Changes in IPsec license handling in version 11.xx

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Peter
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Joined: 10 Apr 2008, 14:14
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Changes in IPsec license handling in version 11.xx

Post by Peter » 21 Sep 2015, 14:16

This FAQ applies to:
  • cOS Core version 11.00.00 and up.
Question:

I upgraded to version 11.xx and one of my tunnels got disabled, why?

Answer:

Before version 11.00.00 the VPN license check towards IPsec tunnels matched IKE SA's (Security Association). This means that you could have one tunnel with a large amount of networks defined using e.g. a group and this would still only count as if one license parameter was used.

In version 11.00.00 and up the VPN license check towards IPsec tunnels now matches the amount of tunnels, or amount of IKE SA's or amount of IPsec SA's.

Depending on how the tunnel(s) are configured there is a chance that you will get near the license limit. A few examples:

Scenario-1:
5 tunnels configured, one network defined as local and remote network on all of them.
License parameters used : 5

Scenario-2:
5 tunnels configured, one network defined as local and remote network on all of them. None of the tunnels are established/active.
License parameters used : 5

Scenario-3:
1 tunnel configured, 5 networks configured as local and one network configured as remote.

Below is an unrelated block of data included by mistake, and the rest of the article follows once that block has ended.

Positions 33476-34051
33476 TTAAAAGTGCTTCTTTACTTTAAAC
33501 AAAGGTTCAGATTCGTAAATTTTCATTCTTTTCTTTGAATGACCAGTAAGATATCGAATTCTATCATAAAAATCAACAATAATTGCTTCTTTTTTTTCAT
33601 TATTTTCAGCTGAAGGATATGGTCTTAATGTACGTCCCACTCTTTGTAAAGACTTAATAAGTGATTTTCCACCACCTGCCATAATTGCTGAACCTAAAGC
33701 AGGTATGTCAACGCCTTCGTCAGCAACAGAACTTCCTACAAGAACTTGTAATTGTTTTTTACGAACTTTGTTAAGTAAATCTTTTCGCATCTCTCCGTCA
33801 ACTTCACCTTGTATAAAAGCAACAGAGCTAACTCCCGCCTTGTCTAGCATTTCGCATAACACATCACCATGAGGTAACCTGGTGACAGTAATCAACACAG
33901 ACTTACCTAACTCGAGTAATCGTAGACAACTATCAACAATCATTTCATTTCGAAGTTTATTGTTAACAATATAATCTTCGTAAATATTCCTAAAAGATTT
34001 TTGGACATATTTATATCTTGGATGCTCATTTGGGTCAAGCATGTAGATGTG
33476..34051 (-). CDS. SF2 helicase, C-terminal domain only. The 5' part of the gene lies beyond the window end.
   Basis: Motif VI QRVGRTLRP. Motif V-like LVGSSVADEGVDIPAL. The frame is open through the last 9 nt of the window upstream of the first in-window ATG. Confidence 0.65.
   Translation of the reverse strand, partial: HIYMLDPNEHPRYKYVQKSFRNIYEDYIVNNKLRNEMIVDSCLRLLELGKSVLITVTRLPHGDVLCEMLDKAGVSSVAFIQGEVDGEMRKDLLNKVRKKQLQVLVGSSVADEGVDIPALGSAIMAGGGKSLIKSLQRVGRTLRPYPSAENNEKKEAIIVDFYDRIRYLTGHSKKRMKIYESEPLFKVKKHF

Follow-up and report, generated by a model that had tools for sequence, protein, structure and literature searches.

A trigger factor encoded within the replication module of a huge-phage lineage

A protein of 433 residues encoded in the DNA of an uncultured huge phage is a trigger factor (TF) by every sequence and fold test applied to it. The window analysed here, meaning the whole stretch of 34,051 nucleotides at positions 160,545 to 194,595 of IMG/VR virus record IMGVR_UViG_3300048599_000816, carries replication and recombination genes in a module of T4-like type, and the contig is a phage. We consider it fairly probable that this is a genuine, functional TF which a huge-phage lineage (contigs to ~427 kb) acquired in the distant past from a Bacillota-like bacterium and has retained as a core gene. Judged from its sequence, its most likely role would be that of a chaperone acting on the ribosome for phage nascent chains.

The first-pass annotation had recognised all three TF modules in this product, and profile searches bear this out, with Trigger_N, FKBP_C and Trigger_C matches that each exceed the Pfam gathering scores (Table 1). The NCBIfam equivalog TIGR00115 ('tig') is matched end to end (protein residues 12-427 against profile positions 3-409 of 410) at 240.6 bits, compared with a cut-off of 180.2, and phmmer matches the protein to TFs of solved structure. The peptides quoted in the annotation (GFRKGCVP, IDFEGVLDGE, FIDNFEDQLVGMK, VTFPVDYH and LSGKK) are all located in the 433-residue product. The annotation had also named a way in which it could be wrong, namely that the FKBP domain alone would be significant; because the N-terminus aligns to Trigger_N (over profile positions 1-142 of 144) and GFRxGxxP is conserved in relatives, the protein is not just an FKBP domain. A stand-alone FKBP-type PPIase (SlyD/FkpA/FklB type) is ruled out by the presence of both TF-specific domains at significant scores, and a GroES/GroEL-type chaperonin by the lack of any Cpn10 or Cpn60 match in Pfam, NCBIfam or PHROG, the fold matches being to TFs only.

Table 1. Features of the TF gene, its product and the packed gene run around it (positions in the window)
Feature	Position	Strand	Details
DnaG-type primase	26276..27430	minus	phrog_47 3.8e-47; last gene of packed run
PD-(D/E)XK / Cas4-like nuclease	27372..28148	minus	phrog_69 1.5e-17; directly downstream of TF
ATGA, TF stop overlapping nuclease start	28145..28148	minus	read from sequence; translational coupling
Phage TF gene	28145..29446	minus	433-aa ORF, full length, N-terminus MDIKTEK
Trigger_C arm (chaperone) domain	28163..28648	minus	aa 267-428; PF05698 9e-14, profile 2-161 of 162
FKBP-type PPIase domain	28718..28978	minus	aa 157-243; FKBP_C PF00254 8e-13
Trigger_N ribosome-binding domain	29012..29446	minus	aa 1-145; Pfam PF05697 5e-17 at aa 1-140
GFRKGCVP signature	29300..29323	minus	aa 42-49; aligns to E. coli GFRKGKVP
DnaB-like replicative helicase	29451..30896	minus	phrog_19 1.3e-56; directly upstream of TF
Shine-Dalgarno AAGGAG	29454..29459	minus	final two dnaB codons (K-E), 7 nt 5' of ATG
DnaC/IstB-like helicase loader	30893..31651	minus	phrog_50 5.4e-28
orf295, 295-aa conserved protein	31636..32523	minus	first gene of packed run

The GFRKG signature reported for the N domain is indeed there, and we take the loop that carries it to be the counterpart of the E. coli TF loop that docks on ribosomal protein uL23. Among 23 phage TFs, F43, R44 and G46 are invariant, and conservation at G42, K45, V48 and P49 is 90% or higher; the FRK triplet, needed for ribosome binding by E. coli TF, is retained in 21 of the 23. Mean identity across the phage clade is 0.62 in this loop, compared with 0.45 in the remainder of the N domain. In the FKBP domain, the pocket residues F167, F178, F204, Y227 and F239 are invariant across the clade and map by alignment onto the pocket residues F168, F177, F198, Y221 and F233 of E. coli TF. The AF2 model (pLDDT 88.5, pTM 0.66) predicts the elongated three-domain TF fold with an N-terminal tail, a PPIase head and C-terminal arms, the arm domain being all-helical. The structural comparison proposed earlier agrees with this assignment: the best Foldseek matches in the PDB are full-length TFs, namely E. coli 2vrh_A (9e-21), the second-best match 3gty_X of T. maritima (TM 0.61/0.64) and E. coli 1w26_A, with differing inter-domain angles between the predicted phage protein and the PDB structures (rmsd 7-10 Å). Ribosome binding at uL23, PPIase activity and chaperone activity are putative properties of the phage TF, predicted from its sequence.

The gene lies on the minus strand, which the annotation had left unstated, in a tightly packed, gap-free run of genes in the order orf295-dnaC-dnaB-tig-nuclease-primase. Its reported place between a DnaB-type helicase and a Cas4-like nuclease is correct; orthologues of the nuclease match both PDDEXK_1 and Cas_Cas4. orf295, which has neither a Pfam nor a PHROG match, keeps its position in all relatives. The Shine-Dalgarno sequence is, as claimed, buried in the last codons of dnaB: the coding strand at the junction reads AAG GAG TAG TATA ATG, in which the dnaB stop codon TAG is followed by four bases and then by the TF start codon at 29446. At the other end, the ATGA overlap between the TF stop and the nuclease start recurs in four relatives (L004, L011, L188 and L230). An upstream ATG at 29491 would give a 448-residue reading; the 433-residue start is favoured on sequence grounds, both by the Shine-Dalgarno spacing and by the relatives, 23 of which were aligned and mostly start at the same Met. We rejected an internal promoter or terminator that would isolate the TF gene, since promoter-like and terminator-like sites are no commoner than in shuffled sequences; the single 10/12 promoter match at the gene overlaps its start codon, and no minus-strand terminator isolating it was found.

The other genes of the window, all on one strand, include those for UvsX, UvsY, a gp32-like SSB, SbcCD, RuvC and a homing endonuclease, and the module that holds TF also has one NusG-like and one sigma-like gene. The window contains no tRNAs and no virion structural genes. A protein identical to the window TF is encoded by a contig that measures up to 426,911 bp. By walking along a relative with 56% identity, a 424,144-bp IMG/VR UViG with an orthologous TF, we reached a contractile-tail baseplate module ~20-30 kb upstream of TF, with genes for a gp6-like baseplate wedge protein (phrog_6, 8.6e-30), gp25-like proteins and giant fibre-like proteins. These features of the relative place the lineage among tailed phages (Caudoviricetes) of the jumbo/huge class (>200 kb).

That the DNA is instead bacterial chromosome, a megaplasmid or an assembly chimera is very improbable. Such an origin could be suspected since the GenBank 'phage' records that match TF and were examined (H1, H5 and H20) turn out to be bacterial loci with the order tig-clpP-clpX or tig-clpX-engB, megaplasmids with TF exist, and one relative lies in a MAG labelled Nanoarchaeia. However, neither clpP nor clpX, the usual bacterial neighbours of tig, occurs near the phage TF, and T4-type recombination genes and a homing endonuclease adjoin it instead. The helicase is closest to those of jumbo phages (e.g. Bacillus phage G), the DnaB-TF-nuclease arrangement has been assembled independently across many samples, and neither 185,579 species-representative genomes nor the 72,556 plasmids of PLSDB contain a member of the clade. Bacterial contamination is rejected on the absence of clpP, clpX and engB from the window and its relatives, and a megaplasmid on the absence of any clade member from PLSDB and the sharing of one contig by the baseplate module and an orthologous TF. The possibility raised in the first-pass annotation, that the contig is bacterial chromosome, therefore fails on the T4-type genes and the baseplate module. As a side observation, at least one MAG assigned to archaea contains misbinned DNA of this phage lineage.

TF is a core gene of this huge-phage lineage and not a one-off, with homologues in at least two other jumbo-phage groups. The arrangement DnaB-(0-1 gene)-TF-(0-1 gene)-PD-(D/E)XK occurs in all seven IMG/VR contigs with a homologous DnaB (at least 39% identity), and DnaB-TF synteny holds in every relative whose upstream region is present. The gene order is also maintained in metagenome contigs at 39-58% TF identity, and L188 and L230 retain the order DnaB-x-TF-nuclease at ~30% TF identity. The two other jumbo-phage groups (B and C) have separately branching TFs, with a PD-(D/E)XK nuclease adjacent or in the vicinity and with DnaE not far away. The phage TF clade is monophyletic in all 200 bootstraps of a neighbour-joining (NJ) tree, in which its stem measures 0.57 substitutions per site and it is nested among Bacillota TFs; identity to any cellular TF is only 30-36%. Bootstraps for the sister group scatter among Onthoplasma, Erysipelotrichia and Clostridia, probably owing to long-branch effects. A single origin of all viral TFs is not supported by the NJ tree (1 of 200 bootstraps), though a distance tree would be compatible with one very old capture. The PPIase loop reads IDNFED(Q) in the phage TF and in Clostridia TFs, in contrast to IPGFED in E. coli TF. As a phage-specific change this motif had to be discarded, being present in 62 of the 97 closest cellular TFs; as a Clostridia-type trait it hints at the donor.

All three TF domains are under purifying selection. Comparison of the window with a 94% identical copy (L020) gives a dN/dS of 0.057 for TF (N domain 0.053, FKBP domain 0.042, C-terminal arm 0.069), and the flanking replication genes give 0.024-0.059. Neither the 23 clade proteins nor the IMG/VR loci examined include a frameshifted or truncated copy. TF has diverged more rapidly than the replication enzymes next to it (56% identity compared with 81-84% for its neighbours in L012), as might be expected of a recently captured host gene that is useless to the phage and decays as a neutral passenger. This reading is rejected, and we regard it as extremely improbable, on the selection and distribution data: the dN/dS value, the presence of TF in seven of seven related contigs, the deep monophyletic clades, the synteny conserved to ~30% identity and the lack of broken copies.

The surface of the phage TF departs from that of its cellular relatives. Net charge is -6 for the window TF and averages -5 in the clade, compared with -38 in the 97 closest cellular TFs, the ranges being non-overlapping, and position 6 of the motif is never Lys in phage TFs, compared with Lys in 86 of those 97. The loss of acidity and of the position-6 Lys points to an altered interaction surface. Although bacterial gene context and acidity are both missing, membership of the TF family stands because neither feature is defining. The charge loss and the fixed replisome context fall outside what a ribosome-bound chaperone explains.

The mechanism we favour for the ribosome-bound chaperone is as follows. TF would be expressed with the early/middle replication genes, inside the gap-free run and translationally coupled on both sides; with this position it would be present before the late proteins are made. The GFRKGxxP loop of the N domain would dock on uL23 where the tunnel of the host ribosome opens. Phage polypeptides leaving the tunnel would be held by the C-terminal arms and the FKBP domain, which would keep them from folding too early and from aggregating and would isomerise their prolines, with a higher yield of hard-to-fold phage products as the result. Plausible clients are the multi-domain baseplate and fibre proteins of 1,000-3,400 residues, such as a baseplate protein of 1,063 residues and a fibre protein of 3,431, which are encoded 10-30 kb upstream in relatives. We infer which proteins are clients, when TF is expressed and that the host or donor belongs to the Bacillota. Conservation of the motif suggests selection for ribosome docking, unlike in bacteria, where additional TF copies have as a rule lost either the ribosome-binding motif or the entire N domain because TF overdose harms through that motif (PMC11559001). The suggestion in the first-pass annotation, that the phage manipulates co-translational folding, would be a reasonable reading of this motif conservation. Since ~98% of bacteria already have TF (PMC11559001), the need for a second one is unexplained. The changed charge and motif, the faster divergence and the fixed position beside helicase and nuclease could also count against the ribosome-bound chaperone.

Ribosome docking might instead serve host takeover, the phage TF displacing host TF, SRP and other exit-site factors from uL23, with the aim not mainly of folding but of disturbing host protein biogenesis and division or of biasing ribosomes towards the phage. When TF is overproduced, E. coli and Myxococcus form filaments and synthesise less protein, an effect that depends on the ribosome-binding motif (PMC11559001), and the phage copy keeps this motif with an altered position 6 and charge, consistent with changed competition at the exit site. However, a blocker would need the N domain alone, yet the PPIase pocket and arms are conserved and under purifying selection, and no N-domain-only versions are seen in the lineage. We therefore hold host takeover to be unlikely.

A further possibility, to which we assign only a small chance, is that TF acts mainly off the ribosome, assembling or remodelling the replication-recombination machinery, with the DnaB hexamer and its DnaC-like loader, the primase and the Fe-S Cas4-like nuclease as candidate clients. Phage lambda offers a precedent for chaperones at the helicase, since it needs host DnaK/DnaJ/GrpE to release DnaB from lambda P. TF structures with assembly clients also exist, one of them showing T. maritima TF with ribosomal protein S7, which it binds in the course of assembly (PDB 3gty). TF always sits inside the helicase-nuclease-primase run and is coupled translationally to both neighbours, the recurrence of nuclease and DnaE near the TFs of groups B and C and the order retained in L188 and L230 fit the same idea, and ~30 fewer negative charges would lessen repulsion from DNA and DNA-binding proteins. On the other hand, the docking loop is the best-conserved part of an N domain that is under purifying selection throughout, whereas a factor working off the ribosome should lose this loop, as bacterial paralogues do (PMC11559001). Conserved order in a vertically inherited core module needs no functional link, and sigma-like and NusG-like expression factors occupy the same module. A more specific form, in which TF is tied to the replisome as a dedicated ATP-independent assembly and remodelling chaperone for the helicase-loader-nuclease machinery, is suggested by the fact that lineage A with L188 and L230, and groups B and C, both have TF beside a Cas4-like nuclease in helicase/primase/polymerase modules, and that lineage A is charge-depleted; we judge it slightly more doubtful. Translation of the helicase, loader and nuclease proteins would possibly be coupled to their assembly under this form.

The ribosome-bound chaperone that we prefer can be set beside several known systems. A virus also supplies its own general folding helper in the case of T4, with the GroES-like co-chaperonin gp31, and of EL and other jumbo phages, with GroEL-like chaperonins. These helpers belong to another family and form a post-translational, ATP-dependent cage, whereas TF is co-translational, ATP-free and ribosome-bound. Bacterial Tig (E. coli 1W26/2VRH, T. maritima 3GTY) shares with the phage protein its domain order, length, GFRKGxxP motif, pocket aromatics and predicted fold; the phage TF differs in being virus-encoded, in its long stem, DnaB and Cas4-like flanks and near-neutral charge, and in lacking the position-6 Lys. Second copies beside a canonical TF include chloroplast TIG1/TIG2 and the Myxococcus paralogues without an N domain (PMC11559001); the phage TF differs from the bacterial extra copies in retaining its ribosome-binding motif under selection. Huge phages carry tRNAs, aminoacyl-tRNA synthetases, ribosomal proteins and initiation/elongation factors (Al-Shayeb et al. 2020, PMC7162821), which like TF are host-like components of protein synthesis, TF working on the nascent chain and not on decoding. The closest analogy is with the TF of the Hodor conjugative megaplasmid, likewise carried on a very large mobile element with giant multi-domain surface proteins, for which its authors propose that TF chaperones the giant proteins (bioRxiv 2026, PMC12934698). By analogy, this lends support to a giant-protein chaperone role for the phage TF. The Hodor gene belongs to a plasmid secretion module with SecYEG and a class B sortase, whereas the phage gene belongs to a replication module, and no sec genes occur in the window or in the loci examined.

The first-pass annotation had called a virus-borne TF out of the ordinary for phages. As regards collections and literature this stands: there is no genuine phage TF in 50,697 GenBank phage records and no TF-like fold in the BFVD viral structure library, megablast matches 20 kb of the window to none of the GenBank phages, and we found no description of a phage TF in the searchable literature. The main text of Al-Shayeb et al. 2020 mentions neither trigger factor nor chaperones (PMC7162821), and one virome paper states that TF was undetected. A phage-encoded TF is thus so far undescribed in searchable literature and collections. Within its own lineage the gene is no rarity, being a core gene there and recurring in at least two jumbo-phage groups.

License parameters used : 5

Scenario-4:
1 tunnel configured, 5 networks configured as local and 5 networks configured as remote.
License parameters used : 25

Scenario-5:
1 tunnel configured as a roadwarrior server, one network defined as local and one remote network (all-nets).
Llicense parameters used : one per connected client.

Freeing up tunnels in the license

In case you run into a scenario where the license has hit the limit, one fairly easy way to lower the amount of tunnels used in the license is to combine networks into larger segments. So instead of using several /24 networks in a range you use one big /16. Then there will be fewer negotiations and IPsec SA's needed.

A very common way to configure tunnels with many networks is to define them as "all-nets". You still control with routing and rules what should be allowed to/from the tunnel(s). As long as rules and routing are correctly configured the security impact will be kept at a minimum. This also has the advantage that there will be fewer tunnel re-keys and less change of network "hiccup" when these operations are performed.

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